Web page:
Conversely, African descendants having been defeated at the polls now find themselves with no power. For the most part PNCR adherents are fast becoming apathetic, disconsolate and extremely pessimistic, realizing that 28 years at the helm of government were ineptly utilized. Their failure to implement appropriate mechanisms or build a proper foundation for such an eventuality means, supporters must make the necessary adjustments or decipher ways in which to adapt to the assertive and dominating role being exhibited by East Indians.

 

In order to reverse these pitiable conditions, a cerebral metamorphosis must take place within both African and East Indian communities but from an absolutely different prospective. The power elite should recognize the importance of accommodating the needs of minority groups by working together to alleviate problems in society. Concomitantly, determine ways to reform institutions that permit regulations wherein undue suffering is reduced and any perception of injustice or feeling of alienation eliminated. This will require reprimanding individuals who perpetuate misconduct or knowingly defy laws, which impinge the civil rights of disadvantaged individuals or minority groups.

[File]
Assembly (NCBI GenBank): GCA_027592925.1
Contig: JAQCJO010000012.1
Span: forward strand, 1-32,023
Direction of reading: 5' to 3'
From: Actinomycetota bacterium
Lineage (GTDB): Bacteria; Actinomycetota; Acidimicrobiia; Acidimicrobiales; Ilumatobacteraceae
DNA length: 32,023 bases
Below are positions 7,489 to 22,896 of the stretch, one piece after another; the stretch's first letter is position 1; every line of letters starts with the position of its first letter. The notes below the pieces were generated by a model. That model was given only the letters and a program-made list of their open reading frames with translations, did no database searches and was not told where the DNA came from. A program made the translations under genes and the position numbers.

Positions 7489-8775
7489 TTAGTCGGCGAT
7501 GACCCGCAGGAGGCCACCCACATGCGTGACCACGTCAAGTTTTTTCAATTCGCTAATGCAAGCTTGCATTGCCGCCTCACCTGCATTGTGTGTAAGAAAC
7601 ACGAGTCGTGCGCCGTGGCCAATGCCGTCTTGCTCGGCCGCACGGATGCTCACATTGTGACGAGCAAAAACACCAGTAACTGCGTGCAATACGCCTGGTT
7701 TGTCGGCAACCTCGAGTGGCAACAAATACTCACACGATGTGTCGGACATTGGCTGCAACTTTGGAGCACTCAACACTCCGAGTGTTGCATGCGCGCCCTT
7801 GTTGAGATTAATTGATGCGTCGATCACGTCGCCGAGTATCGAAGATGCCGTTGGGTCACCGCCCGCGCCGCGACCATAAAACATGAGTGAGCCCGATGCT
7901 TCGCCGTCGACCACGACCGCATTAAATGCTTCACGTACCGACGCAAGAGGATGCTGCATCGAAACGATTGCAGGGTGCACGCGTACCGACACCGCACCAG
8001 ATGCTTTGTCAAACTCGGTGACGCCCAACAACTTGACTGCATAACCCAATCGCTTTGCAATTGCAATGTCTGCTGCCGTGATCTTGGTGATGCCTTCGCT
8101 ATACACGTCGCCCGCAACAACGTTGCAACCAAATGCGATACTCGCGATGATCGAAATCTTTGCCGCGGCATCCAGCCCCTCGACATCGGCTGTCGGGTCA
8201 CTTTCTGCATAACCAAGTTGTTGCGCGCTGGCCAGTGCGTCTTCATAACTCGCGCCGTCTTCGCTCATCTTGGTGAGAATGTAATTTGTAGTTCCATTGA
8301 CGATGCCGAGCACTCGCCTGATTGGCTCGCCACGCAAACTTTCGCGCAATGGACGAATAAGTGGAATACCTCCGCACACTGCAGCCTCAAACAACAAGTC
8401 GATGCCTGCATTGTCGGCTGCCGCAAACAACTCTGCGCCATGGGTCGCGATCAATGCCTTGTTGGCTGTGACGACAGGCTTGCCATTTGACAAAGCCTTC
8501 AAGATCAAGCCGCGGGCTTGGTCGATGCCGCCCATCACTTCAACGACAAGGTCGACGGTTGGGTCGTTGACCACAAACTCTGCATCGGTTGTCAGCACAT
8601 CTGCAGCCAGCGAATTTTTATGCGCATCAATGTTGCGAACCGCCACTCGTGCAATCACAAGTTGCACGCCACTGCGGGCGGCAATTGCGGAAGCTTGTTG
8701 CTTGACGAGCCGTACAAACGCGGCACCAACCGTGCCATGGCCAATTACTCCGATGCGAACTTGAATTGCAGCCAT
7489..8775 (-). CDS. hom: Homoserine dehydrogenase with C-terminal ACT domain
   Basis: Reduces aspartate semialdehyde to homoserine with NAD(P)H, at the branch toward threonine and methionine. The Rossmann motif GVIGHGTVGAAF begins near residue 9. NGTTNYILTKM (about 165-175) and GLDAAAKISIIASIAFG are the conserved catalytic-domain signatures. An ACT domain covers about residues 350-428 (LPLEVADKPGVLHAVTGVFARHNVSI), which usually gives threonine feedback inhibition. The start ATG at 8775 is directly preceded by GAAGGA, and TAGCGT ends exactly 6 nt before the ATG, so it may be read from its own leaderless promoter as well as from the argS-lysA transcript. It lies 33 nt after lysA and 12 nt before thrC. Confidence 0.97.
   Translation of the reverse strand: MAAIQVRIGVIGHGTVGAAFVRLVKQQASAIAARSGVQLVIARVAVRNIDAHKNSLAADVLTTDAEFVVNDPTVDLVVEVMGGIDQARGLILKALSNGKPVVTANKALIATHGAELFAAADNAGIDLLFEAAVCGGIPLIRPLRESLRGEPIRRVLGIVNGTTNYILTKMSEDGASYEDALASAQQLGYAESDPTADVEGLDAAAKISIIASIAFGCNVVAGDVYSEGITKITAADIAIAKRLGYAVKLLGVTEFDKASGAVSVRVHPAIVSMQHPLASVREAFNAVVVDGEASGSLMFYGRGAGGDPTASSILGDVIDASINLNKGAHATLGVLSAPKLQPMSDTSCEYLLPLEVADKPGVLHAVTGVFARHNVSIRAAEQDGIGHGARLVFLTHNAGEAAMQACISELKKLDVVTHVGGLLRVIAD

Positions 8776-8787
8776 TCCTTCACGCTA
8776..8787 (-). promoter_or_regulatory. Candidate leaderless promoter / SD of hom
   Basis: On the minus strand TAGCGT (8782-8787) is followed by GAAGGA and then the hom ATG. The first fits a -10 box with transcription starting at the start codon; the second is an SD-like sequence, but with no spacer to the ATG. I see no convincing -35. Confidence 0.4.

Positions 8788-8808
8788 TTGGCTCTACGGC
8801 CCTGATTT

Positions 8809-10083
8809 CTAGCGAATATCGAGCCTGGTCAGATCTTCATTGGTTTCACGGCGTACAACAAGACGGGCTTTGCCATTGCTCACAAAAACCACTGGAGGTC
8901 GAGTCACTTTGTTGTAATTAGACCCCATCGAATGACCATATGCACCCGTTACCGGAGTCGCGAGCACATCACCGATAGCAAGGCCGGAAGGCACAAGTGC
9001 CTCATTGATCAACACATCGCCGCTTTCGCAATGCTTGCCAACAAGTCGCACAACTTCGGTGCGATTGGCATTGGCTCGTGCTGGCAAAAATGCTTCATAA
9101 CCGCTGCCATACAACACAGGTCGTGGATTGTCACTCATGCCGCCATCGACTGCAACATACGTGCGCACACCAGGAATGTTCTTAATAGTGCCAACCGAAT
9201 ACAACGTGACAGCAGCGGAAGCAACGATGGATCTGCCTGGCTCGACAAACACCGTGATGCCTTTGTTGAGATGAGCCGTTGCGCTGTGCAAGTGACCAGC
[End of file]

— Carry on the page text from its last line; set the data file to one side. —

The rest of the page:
Meanwhile Afro-Guyanese must be cognizant of their ongoing plight and acknowledge the tenuous situation in which they find themselves: no political or economic power, broken families, decaying communities, a lack of self sustaining institutions and very few if any meaningful symbols to buttress Black pride and empowerment. It is imperative that this de facto disadvantaged group desists from becoming consumed in self-pity and instead be architects of its own destiny by accumulating wealth through hard work.

 

As descendants of slaves, we must be ever mindful of the sacrifices made for this nation to experience freedom- However, are we truly free today? Or has mental suffocation replaced the physical shackles? It is imperative that we redouble our efforts and obstinately refuse to be second-class citizens in a country, which tenacious Africans fought and died, to establish.

 

Moreover, irrespective of where we are domiciled every citizen owes these fore-bearers a profound debt of gratitude. We could honour and respect their memories by being equal to the task of improving or in many cases rebuilding personal and family lives, shattered communities, renovating dilapidated institutions and uniting to accomplish common goals.